When a situation, personal or professional, lacks clearly-defined expectations, there is much room for disappointment. It is difficult to meet the needs and expectations of your partner if you don’t know what they are. Because gender roles are constantly changing, we often don’t even know ourselves what we expect from ourselves and our partners.
If the man’s job is more financially valuable to the household, it makes him more likely to play the role of breadwinner. Let’s say a family has four children, and one partner has an earning potential below the cost of childcare for the kids. It obviously makes sense for that partner to stay at home with the children. Traditionally, that partner would be the woman, but – in today’s society – it doesn’t matter whether the partner at home is a man or a woman. (Again, this only addresses heterosexual relationships.)
Because women earn an average of $0.80 per every $1.00 that men earn for the same work, if a man and woman perform the same professional job duties and work the same hours, the man will earn 25% more money. This is the point at which gender discrimination enters the picture, strictly from a financial perspective.
Arguments arise when two partners are both working full-time hours and one person (usually the woman) feels she is expending more energy in the home while expending the same amount of energy at work as her partner. We all have internalized gender attitudes, even if we intellectually approach things from a more progressive perspective, and this can often lead to women doing most of the laundry, cleaning, and cooking – regardless of whether both partners work full time outside of the home.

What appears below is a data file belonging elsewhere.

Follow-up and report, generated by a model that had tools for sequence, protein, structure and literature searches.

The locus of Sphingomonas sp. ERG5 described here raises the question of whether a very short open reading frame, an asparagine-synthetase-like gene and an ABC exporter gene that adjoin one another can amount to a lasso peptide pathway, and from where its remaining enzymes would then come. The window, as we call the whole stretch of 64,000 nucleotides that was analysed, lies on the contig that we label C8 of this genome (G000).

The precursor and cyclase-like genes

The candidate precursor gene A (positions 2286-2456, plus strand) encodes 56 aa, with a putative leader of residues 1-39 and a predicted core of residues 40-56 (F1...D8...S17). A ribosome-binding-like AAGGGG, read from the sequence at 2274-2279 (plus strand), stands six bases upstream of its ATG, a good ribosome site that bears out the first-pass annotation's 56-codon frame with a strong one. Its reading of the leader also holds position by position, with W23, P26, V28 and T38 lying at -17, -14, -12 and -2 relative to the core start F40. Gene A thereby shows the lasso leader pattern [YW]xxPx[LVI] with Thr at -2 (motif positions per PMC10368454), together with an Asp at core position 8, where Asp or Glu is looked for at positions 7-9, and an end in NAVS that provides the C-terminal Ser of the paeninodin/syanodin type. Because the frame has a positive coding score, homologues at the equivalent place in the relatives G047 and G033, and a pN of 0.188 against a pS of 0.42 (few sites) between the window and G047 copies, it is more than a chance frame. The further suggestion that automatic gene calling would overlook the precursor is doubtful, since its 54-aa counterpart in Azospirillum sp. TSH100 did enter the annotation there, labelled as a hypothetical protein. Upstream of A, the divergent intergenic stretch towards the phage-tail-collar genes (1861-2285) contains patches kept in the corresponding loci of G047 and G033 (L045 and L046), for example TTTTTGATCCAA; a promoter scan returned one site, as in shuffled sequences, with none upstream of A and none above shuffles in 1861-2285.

While gender roles are evolving rapidly, gender expectations are moving at a much slower pace. In general, women are expected to be the ones to take time off to stay home with a sick child, to do most of the errand running and homemaking, and to make most of the sacrifices that take time and energy away from a career and place it into running a household. In a traditional household, this is fair. In a modern double-income household, it is not. These extra duties adversely affect her career potential, and they can even adversely affect her health if she is exhausting herself by working a full-time job and then trying to do the full-time job of homemaking in her “spare” time.
Many married working mothers admit that they feel like single mothers because they do not have the help around the house in a home where both partners have a full-time job. These women would be much happier in their lives, families, and careers if they had help running the household. Even the attitude that the woman needs “help” is an internalized social construct. Why would working to maintain a happy, healthy household be any more her responsibility than her partner’s?
Men and women can and should decide for themselves which partner does what amount of work outside the home and who performs which domestic duties. What works for one couple doesn’t work for another. The most important thing is that both partners are on the same page. This requires an open dialogue. When we sweep disappointment and resentment under the rug, it grows.